Discover or settle.


Have I changed?

When are we ready to read?


“…afraid to finish…”



“To reread a book is to make a pollard of it.”



“…one day you wake up and realize religion is ridiculous and that you will stick with it anyway.”



“There was one book I read not only at the right age but also on the right afternoon, in the right place, at the right angle. I read The Waves on an island, on a plotless day, when I was twenty-two years old, sitting on a terrace from which I could see in the distance the ocean….”

My read: The Bell Jar during summer with a fever.


I find nothing in my life that I can’t find more of in books. With the exception of walking on the beach, in the snowy woods, and swimming underwater. That is one of the saddest journal entries I ever made when I was young.”

What would I say?


“…my own private journals, which I began writing when I was sixteen and ceased to write when I was forty.


“As is my habit, I was copying selected passages from the Seferis into a notebook. Later that evening I began reading a journal I kept twenty years ago. In it, I was reading the notebooks of the poet George Seferis (1900-1971) and had copied into the journal by hand my favorite passage, which was identical with the passage I had copied earlier in the day, believing completely that I had never encountered it before:

But to say what you want to say, you must create another language and nourish it for years and years with what you have loved, with what you have lost, with what you will never find again.”



“If the book we are reading doesn’t shake us awake like a blow to the skull, why bother reading it in the first place?”

Kafka: axe to ice.


“A book must be the ax for the frozen sea within us.



“…lost it.

What is a fav book from childhood that I don’t return to?


“For years I planned a theoretical course called Footnotes. In it, the student would read a footnoted edition of a definitive text—I thought it might as well be The Notebooks of Malte Laurids Brigge—and proceed diligently to read every book mentioned in the footnotes (or the books by those authors mentioned) and in turn all those mentioned in the footnotes of the footnoted books, and so on and so on, stopping only when one was led back, by a footnote, to The Notebooks of Malte Laurids Brigge.”




“‘I have always kept ducks, even as a child, and the colours of their plumage, in particular the dark green and snow white, seemed to me the only possible answer to the questions that are on my mind.’”

M, R, & H epigraph!

…a path of color on the secondary wings of most ducks.”


“…reading is a great waste of time… a great extension of time,supreme joy?

Reason to read.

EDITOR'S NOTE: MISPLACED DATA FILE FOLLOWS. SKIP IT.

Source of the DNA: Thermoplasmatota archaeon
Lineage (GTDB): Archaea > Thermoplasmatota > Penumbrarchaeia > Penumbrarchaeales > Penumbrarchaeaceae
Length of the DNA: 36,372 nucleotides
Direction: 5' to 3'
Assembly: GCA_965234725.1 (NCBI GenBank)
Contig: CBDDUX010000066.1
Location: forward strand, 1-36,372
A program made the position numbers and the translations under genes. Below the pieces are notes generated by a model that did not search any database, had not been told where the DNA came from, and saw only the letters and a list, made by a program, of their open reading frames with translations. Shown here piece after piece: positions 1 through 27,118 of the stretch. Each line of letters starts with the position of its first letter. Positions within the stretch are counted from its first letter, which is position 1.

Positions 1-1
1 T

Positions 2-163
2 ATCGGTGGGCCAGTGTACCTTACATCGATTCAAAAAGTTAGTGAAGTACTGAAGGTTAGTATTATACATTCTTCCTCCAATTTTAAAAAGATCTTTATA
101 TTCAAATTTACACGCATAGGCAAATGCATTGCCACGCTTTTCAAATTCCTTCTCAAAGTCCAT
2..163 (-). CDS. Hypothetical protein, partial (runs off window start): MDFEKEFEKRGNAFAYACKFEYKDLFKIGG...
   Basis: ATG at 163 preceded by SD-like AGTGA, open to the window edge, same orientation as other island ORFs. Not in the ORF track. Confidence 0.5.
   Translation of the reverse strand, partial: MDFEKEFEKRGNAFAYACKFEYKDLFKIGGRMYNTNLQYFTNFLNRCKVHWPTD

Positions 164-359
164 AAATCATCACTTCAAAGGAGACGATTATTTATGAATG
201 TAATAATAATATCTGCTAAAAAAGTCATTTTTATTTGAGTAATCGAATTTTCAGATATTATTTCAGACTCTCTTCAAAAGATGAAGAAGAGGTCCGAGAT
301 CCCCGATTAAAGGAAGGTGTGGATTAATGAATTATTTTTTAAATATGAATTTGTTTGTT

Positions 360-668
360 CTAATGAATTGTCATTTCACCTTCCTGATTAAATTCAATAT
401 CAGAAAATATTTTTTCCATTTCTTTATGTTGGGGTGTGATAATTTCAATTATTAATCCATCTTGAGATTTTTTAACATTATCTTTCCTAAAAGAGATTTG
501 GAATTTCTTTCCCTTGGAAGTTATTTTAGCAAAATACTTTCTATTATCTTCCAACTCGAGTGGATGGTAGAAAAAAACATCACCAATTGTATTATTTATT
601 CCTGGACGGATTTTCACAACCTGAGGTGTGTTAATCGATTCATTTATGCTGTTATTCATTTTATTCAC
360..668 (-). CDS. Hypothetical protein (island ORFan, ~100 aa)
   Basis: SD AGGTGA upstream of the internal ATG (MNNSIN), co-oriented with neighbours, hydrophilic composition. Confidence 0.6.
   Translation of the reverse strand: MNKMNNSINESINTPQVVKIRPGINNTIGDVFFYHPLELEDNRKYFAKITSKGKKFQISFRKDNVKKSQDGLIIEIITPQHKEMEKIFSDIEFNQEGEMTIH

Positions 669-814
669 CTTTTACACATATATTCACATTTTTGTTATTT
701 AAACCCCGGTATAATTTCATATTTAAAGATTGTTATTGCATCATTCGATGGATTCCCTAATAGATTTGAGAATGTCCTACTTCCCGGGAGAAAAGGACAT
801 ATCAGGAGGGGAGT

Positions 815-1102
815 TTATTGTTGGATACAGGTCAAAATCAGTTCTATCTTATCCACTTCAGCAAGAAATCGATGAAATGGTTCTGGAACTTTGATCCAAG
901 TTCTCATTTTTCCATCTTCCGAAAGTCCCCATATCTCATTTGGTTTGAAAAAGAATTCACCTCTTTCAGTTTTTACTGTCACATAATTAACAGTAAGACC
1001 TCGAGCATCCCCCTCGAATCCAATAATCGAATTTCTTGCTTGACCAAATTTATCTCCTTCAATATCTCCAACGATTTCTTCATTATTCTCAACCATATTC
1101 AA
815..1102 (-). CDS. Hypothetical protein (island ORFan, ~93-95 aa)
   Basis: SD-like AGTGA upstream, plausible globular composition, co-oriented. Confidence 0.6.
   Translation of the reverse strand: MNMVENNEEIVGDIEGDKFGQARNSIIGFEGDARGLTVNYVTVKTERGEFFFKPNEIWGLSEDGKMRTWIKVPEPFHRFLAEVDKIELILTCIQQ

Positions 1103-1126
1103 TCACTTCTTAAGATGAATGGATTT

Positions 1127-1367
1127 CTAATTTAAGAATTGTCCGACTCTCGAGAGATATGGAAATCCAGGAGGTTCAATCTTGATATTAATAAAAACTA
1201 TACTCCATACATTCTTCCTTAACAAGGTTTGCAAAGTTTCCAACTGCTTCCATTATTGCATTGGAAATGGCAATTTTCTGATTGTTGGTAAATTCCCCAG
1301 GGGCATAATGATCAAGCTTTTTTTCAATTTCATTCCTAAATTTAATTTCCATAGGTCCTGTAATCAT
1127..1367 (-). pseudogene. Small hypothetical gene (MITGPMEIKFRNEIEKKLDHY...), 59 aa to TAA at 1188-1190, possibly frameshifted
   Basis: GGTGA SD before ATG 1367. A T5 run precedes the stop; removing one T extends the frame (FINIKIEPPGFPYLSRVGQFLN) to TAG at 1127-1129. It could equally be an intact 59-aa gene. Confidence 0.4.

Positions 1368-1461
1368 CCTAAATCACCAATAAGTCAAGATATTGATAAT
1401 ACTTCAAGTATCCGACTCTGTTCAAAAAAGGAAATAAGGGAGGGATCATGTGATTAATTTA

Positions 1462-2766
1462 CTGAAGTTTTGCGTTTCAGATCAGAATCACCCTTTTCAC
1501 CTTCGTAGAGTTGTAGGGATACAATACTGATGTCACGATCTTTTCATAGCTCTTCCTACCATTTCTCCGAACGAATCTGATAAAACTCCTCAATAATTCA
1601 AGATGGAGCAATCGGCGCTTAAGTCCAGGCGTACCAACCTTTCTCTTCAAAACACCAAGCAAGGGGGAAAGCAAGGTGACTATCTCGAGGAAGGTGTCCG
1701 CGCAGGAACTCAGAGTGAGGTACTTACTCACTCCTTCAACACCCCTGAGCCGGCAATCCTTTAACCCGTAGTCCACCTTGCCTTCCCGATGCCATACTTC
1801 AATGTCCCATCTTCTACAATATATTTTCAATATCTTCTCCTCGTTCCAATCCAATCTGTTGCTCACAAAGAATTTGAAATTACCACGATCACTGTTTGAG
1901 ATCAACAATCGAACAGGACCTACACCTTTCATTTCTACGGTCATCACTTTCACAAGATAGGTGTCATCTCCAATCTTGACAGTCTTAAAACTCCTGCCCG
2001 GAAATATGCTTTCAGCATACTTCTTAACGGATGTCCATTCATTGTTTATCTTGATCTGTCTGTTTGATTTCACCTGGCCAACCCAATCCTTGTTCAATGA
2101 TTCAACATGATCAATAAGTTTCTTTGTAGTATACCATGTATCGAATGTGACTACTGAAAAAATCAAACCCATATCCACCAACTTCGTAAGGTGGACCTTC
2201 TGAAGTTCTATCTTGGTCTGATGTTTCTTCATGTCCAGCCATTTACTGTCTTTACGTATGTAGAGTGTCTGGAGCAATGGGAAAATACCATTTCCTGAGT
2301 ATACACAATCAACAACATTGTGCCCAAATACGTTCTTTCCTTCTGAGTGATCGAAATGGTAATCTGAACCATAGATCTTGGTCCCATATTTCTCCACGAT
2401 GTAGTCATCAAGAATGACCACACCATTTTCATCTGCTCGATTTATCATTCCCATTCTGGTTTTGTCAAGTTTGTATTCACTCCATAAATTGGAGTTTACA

“I do not know how many letters I have written or sent by mail in my life, but I know of only two that did not reach their destination.”



“—the dead bodies of soldiers strewn across a battlefield—”

Dead on postcard!

“…I have always thought twice about the fact they ended up in the office of dead letters.”

Dead letter office.

“[T]hat remote and obscure place of absolute silence, which for me is more accurate description of hell than a writhing inferno of animated anguish.”

Being ignored = hell.


“[F]our forces:

1.)    fatelessness     Death of God.
2.)    open uncertaintyleisure time         Reading life.
3.)    travel  … ‘adventures’            Others.
4.)    postal system”             Mail.


“Hence one contender for the first modern British novel is Samuel Richardson’s Pamela, written in 1740 in the form of letters, a book in which a member of the working class marries a member of the ruling class. In its essence then, the English novel as a form originates from a sense of uncertainty: what will happen to these characters?”

Epistolary / class divide.


In what form will the novel survive….”

“How does the e-mail travel through cyberspace to its destination? How can I hold something in my hand and hear a voice halfways around the world?”

Is it more or less awesome?

“It has been argued that the rise of e-mail is a revival of literate communication.”

What about texts?

“I am fascinated by the new set of signs and symbols e-mailers employ to denote emotional resonance in their clickings: I am told there is a symbol that lets the reader know the communication is ironic.”



Emily Dickinson.”

Dickinson’s letters housed nests of language eggs that hatched as poems and flew.


[P]rayers are lettersurgency.”

Three prayers: Help, Thanks, Awesome.



All letters are gossip!


“On September 11, 2001, when the two towers of the World Trade Center collapsed, many people were haunted by the last-minute cell phone calls made by those about to perish.”

Voicemails of the dead.


“Nothing I understand haunts me. Only the things I do not understand have that power over me.”

Knowledge is control. Ignorance is submission.


I get so very tired of having to talk about literature.

Ha! Yeah right.


“…made friends with the dead…”

Do we write because we figure we could be read? We write because we read, because language communicates our value.


“[B]y bringing her hand a little way in one direction, she left a mark upon the paper. ‘That’s all there is to it,’ she said, ‘but it’s a miracle. Once there was nothing, and now there’s a mark.’”

Creation is effort.


“Sad to me is the demise of the telegram, because even if the message was utterly mundane, it always seemed urgent….”